Often overlooked for France’s southern metropolises, the capital of Languedoc is a truly effervescent city with culture aplenty, a thriving art scene and historic gems to explore at every turn
With more monuments than you can shake a stick at, Montpellier is cultured to the hilt. One absolutely unmissable attraction is the art museum, the Musée Fabre. A masterpiece in its own right, the former Jesuit College was given a contemporary makeover some ten years ago and now stands as a shining example of the seamless blend of classic and cutting-edge architecture that has become synonymous with the hip city. Founded in 1825 by painter François-Xavier Fabre, the vast 9,200m2 exhibition space showcases 800 paintings, 900 engravings and 3,500 drawings – one of France’s richest collections of European art.
PLACE DE LA COMÉDIE
Trimmed with imposing Haussmann-style buildings, the Place de la Comédie is not only the city’s focal point – and foremost student hangout – but the largest pedestrian square in Europe. Just watch out for breakneck skateboarders and would-be BMX stuntmen swarming the place; they have a tendency to treat the square like their own private playground.
PROMENADE DU PEYROU
Once the purlieu of Montpellier’s well-heeled bourgeoisie, these days the Promenade du Peyrou, a park and tree-lined esplanade on the eastern edge of the city, is the stomping ground of tourists and Instagrammers. With such a concentration of historic monuments in one handy locale it’s no wonder. But where to begin? First, take in the statue of Louis XIV surveying his kingdom, before beholding the square’s centrepiece, the 15-metre-high Arc de Triomphe dating from the 17th century– brave the 100 steps to the top for a breathtaking view of the city. Then, wend your way to the neoclassical Château d’Eau, fed by an aqueduct whose swooping arches rise behind the tower.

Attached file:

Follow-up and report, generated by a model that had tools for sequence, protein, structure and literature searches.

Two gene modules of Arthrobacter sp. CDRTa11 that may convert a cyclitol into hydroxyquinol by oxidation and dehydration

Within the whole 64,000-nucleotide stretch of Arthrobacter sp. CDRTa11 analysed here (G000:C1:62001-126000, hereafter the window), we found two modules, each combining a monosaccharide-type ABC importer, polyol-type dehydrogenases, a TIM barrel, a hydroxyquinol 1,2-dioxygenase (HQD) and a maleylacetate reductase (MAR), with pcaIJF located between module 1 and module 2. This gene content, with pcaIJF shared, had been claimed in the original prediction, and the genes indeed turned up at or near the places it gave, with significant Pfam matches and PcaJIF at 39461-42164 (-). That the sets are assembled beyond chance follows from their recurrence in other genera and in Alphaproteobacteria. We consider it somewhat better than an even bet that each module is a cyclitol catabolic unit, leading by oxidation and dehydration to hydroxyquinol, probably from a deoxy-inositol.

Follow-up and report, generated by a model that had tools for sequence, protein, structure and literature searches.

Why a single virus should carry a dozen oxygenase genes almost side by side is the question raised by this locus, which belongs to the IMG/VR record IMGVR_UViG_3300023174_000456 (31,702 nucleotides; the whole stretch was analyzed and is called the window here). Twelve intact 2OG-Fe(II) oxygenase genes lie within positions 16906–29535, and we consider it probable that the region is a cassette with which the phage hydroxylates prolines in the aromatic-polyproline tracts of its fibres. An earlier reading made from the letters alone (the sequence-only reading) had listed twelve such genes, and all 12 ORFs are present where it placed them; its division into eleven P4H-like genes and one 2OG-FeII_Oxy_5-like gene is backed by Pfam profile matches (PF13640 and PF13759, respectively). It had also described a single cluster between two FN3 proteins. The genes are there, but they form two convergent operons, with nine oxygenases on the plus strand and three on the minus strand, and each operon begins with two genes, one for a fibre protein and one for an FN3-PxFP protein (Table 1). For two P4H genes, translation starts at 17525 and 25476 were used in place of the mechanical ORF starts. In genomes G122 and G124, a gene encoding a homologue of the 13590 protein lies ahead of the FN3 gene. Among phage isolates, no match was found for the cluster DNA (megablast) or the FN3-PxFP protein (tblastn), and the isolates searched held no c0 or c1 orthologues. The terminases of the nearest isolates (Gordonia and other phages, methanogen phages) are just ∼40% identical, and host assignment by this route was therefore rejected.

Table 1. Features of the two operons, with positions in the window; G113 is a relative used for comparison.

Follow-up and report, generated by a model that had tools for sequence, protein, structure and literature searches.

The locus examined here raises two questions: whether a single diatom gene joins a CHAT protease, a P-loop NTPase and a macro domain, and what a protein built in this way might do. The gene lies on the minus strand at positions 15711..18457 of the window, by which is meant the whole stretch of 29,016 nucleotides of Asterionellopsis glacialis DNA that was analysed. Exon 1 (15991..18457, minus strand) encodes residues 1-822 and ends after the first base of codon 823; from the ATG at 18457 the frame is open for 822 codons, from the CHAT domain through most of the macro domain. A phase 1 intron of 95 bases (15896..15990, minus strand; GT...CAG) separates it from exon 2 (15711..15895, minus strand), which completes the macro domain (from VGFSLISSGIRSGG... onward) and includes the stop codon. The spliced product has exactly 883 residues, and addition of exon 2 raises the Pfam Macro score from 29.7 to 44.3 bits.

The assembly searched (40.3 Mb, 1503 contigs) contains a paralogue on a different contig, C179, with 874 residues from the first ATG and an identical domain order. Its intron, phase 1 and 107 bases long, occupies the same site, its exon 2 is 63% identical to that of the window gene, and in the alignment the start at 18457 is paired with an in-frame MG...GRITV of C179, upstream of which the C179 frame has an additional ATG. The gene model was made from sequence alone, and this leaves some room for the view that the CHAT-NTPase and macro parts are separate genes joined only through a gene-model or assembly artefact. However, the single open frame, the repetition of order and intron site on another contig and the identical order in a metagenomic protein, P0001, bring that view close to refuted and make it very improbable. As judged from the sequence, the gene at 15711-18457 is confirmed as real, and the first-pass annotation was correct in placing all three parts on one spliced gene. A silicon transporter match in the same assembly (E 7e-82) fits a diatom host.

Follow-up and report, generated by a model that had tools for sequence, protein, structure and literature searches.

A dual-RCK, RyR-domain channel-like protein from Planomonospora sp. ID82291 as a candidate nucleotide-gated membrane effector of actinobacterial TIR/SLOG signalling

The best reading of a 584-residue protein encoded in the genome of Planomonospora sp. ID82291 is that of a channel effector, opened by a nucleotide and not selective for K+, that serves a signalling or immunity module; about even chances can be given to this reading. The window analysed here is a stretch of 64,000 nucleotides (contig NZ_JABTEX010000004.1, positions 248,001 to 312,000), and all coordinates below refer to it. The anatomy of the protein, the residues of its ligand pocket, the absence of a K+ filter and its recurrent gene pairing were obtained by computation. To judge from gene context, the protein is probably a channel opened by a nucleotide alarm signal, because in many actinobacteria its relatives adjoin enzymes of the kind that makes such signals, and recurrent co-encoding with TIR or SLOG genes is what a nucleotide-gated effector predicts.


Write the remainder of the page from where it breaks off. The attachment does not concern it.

As a city famed for its resplendent architecture, it should come as no surprise that Montpellier has some of the most spectacular hôtels particuliers in all the land – and more than most too, with 80 and counting. While many of these elegant private mansions – erected by nobles and city officials during the 17th and 18th centuries – and their beautiful courtyards are off-limits, you can still visit a select few escorted by a guide. Among the standouts are the Hôtel des Trésoriers de France, once home to financier Jacques Coeur; the Hôtel de Mirman, whose foundations date from the 13th century; and the Hôtel de Montferrier with its Renaissance-style escalier à balustrade.
One of Montpellier’s most underrated gems is the Jardin des Plantes, the oldest botanical garden in France. Commissioned by Henri IV in 1593, it went on to serve as a model for all subsequent botanical gardens in the country, including Paris’s, which was laid out 40 years later. A historical monument and protected site, over the centuries the jardin has grown exponentially and now boasts an arboretum and landscaped park. Along its shady paths you’ll find more than 2,500 species, including nine varieties of palm and 250 medicinal plants, as well as a glorious 19th-century greenhouse.
For more information visit www.montpellier-france.com
From France Today magazine
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